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While a casual reading of Mitchell’s Joe Gould’s Secret might persuade the reader that the secret was that Gould never actually wrote his epic history of conversations he overheard, I think Mitchell tells us straight away what his secret was in the first few pages of his book. Joe Gould tells Mitchell, “There is nothing accidental about me” (5). This neatly captures his secret: even when he was suffering from his choices, dressing “under a red exit light” (9), not writing that history, he was where he wanted to be, not surrounded by a “shirt-sleeved multitude” (13).
Mitchell initially describes Gould as “an ancient, enigmatic, spectral figure, a banished man” (53), but he gives him flesh and spirit a few pages later, with an interesting effect:
“…his face was alert and on guard and yet so tired and so detached and so remotely reflective that it was almost impassive. Looking straight at me, he looked straight through me. I have seen the same deceptively blank expression on the faces of old freaks sitting on platforms in freak shows and on the faces of old apes in zoos on Sunday afternoons (57).
It’s as though Mitchell is fiercely warning the reader that Joe Gould is not a sideshow. I was intrigued by this—not that Mitchell was showing his compassion but that he warned people as surely as if he’d told us to back the hell off. The mechanics? I don’t know what to call it, but I know I want to write like that. In another passage, Mitchell writes, “…or I would see him sitting among the young mothers and the old alcoholics in the sooty, pigeon, crumb-besprinkled, newspaper-bestrewn, privet-choked, coffin-shaped little park at Sheridan Square” (53). Besides being a delightfully visual sentence, this paints a vivid picture of the author himself, I think. I catch an underlying impatient despairing anger in the way he rattles off how dreadful the park is—then he tops it off with “coffin-shaped,” as though its inhabitants were already dead. (Much later, Mrs. Sarah Ostrowsky Berman refers to “the city’s living dead” (158).)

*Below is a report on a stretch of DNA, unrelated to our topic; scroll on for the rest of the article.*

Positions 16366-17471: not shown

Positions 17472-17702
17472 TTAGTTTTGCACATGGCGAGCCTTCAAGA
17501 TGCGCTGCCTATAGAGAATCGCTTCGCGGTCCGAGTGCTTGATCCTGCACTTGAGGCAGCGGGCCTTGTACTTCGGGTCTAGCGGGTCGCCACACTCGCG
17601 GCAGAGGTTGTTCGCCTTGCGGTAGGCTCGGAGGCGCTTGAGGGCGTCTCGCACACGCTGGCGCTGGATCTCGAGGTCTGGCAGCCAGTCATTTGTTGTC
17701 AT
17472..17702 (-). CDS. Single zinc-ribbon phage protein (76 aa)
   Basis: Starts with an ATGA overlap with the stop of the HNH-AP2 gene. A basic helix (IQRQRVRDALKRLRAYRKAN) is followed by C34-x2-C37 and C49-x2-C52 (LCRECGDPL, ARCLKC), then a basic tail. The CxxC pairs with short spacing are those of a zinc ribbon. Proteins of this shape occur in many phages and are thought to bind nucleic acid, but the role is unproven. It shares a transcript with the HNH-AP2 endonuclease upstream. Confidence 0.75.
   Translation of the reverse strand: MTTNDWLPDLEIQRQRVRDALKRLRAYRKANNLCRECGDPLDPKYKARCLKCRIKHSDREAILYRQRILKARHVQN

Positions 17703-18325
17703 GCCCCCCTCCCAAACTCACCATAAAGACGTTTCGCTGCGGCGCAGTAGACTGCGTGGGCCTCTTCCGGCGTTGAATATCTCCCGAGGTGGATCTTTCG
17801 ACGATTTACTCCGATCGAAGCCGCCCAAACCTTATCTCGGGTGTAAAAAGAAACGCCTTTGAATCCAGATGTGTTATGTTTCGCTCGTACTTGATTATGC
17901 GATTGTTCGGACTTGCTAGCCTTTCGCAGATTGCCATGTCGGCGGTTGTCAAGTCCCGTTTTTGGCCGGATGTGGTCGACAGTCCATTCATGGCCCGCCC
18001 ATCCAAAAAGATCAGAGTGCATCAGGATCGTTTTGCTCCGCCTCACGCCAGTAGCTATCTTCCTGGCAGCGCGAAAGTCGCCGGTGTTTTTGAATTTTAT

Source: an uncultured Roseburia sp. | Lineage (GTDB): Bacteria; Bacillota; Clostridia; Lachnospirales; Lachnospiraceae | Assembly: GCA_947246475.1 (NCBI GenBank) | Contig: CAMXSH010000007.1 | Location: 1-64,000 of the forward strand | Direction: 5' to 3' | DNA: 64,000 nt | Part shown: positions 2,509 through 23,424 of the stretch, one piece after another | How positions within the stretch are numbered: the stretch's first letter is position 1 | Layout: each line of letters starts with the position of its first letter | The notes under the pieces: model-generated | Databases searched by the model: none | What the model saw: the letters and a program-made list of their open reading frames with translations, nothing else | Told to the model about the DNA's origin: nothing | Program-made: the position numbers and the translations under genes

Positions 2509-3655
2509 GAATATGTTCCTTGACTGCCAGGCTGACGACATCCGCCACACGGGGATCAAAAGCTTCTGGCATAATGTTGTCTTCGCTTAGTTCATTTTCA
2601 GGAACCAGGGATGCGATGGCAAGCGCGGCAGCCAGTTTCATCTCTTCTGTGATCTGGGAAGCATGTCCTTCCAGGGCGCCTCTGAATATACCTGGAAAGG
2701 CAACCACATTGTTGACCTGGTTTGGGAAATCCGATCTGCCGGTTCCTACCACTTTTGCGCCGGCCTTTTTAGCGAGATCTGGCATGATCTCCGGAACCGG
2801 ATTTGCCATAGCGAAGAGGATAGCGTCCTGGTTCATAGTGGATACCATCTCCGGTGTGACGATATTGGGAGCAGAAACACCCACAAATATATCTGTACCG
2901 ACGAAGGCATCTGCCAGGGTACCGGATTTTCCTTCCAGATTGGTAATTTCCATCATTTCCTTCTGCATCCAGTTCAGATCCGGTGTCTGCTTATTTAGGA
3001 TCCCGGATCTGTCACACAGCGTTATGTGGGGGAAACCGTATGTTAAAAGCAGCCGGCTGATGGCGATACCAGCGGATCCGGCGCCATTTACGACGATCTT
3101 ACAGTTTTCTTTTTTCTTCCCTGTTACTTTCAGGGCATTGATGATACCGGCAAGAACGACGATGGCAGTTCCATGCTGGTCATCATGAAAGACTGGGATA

One thing in particular captivated me in this book: the similarity between the author and his subject. I probably wouldn’t have noticed it except for one small statement of Gould’s: “I was under-sized; I was a runt, a shrimp, a peanut, a half-pint, a tadpole” (62). What struck me was that it sounded like something Mitchell would write. Indeed, he rattles off descriptions in exactly the same manner throughout the book. For example, in addition to the previously cited passages, he describes a barroom: “…it was long and narrow and murky, a blind tunnel of a place, a burrow, a bat’s cave, a bear’s den” (97); in describing magazines Gould brought out: “They were dog-eared and grease-spotted and coffee-stained” (76). I considered the possibility that all the dialogue was simply Mitchell’s style, but he took notes, and, I believe, recorded some conversations. Journalistic integrity dictates that he transcribe exactly what Gould said.
So I wonder: Did Mitchell see himself in Joe Gould? Gould’s fascination with every day conversations certainly mirrors Mitchell’s job as a journalist, but I think another statement of Gould’s captures the meat of it: Referring to his monstrously long history, he says, “Everything else I’ve ever done may disappear, but I’ll still be immortal” (77). I think, at the heart of every writer, is the desire to have one’s words live beyond one’s life. I wonder if Joe Gould’s secret was Mitchell’s as well.